Australia: Adventures on the Great Barrier Reef
Having exhausted what Sydney and Uluru had to offer us, we made our way to Brisbane for a single night, aiming to catch an early connection to Lady Elliot Island and its Eco Resort in the Whitsundays.
Up extra early and full of enthusiasm, we were driven to a private airstrip to await our flight. When it arrived, I was more than a bit dubious that 12 of us would fit in it- a plane the size of a toaster van.
But pile in we all did, and off we went.
We arrived at Lady Elliot Island early in the morning, ready for 2 nights of wildlife and education about conservation on the Great Barrier Reef. We had picked this resort because of it's eco tourism credentials. As we all know, the Great Barrier Reef is in dire trouble, and whilst we wanted the chance to enjoy the Reef, it was important to us to ensure that we did so in a sustainable and responsible way, not causing any damage, and learning about the environment and conservation efforts taking place.
There are two main snorkelling spots on Lady Elliot Island- the Lighthouse and the Lagoon. The Lagoon is open for certain hours of the day, clearly marked in the restaurant area, whilst the Lighthouse side of the island is open all hours.
We headed straight to the Lighthouse side and gave snorkelling a try. I have to admit that I initially floundered about and struggled to get off of the reef at all, cutting open my thigh on the reef itself and getting a degree of sunburn that was award winningly stupid.
In the afternoon we went back, determined to do better. Entering the water, other snorkellers waved us over to them. Joining them, we found a large sea turtle, 16 meters below us, having a nap on the sea bed. It was absolutely entrancing, and we swam nearby for approximately 30 minutes to enjoy the experience from a safe and responsible distance. And that was when the magic really happened. The water was murky, and out of the gloom came a large, ghostly, dark shape, followed by another and another. Swimming within 2 meters of us were a school of 7 juvenile manta rays! At this point I almost drowned my Travelling Buddy in my desperate attempt to get him to turn and watch the rays that had crept up so silently behind him. We were privileged to watch them for around 10 minutes as they danced and played together, before swooping back off into the deeper sea and disappearing.
The second day went significantly smoother. We went for an early breakfast and walking along the beach back to our room we caught sight of turtles.
We rushed to change and plunged into the Lagoon where we had the most incredible morning swimming with these gentle giants. At one point we were watching 2 different turtles gently glide towards us. We realised too late that they were about to perform a pincer movement on us and had to desperately scrabble to move out of their way so as not to collide with them under water. This was how I learnt that you can scream down a snorkel.
Over the course of the morning we spotted, and swam close too, 9 different turtles.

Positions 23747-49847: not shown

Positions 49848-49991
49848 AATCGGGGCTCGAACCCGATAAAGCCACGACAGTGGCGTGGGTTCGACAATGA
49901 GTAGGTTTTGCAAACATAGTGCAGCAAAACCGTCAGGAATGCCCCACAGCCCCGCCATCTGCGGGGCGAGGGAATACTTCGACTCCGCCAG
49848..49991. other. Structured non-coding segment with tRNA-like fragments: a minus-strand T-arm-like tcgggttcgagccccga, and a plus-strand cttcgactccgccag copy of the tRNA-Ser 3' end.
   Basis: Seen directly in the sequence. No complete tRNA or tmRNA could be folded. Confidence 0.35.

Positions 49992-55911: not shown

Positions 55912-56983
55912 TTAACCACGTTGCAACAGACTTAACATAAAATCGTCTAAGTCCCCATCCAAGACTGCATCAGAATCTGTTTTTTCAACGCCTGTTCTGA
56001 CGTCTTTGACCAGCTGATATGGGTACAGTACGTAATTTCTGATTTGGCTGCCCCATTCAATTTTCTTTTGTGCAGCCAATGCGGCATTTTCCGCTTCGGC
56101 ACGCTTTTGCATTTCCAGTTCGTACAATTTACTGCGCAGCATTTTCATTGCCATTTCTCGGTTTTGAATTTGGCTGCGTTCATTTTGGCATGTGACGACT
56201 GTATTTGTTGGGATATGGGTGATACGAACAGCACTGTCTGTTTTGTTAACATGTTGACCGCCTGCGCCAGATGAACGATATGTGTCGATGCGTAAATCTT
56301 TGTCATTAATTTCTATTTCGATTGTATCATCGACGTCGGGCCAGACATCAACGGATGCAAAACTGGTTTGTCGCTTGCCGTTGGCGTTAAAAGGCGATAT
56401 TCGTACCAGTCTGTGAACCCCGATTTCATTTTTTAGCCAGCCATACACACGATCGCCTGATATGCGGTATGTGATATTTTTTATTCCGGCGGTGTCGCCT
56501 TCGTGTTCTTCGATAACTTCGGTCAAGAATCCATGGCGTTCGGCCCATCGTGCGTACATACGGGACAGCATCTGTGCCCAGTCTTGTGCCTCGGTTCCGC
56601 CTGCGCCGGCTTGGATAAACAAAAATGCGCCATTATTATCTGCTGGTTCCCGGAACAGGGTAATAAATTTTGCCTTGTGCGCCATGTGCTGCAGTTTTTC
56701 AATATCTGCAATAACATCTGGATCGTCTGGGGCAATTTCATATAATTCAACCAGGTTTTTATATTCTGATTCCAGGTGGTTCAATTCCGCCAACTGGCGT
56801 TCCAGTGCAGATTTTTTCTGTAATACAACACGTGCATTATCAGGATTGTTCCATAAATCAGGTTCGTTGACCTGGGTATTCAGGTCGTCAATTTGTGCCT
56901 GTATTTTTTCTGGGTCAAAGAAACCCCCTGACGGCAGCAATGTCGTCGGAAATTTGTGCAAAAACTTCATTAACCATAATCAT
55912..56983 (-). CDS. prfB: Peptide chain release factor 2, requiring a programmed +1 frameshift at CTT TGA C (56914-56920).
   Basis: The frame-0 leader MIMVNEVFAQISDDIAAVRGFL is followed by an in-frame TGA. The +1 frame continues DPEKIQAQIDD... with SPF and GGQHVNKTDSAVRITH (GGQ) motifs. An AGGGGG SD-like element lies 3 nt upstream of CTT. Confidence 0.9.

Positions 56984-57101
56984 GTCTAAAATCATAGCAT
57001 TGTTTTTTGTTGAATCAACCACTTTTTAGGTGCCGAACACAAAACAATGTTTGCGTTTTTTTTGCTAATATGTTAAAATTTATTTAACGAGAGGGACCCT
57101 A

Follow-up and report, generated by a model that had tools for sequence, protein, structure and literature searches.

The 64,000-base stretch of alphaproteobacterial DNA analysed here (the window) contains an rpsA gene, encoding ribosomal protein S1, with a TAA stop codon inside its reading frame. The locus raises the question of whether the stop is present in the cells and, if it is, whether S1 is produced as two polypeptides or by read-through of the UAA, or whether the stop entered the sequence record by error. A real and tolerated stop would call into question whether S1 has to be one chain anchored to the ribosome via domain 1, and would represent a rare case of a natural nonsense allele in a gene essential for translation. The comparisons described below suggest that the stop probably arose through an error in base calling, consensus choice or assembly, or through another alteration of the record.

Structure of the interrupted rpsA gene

Having been overwhelmed with absolute joy in the Lagoon, we spent the rest of the day intermittently snorkelling off of the Lighthouse and joining in the fascinating ecological talks and activities available at the Lady Elliot Island Eco Resort. The staff are all incredibly knowledgeable and aim to educate you during your stay about the eco systems of the reef and ensuring you minimise any impact you have on it. Another unexpected bonus of staying in an Eco Resort is that the light pollution is significantly less than any other place we have visited, meaning an unrivalled and beautiful view of the Milky Way.
On our last morning we took a glass bottomed boat tour further off of the reef and were able to snorkel in clearer, deeper waters. Again, we were fortunate enough to swim close by a sea turtle, watch clown fish dance and have an uncomfortably close encounter with a parrot fish that wanted to see what the inside of my snorkelling mask looked like.
With great sadness we prepared to leave the Great Barrier Reef and Lady Elliot Island and make our way to the final installment of Australia- Melbourne.
Things we learnt on Lady Elliot Island
- If you make the time to engage with sustainable and responsible tourism you are given the opportunity to reflect on the impact of your actions. As a result of our trip to Australia we try to be concious of how our travel and lifestyle can affect the environment, wildlife and local people that we encounter.
- Take a waterproof action camera. We didn't have one, and we missed out on what would have been some incredible shots. But, I guess it gives us an even better reason to go back!
- No matter how much sun screen you use, you will burn. Rental is available for a full length wet suit. If not, you might end up with a rash guard shaped sun burn like me.
- Don't be scared. It is a safe environment, the staff know what they are doing, go out deeper and see the most incredible wildlife.
- Don't plan on having any contact with the outside world. You won't need it, immerse yourself in what Lady Elliot Island has to offer you, but if you need wifi then be prepared to sit on the steps of the reception area huddled with everyone else that desperately needs to send that one email.
If you have been to Lady Elliot Island or have more ideas on sustainable travel I would love to hear from you!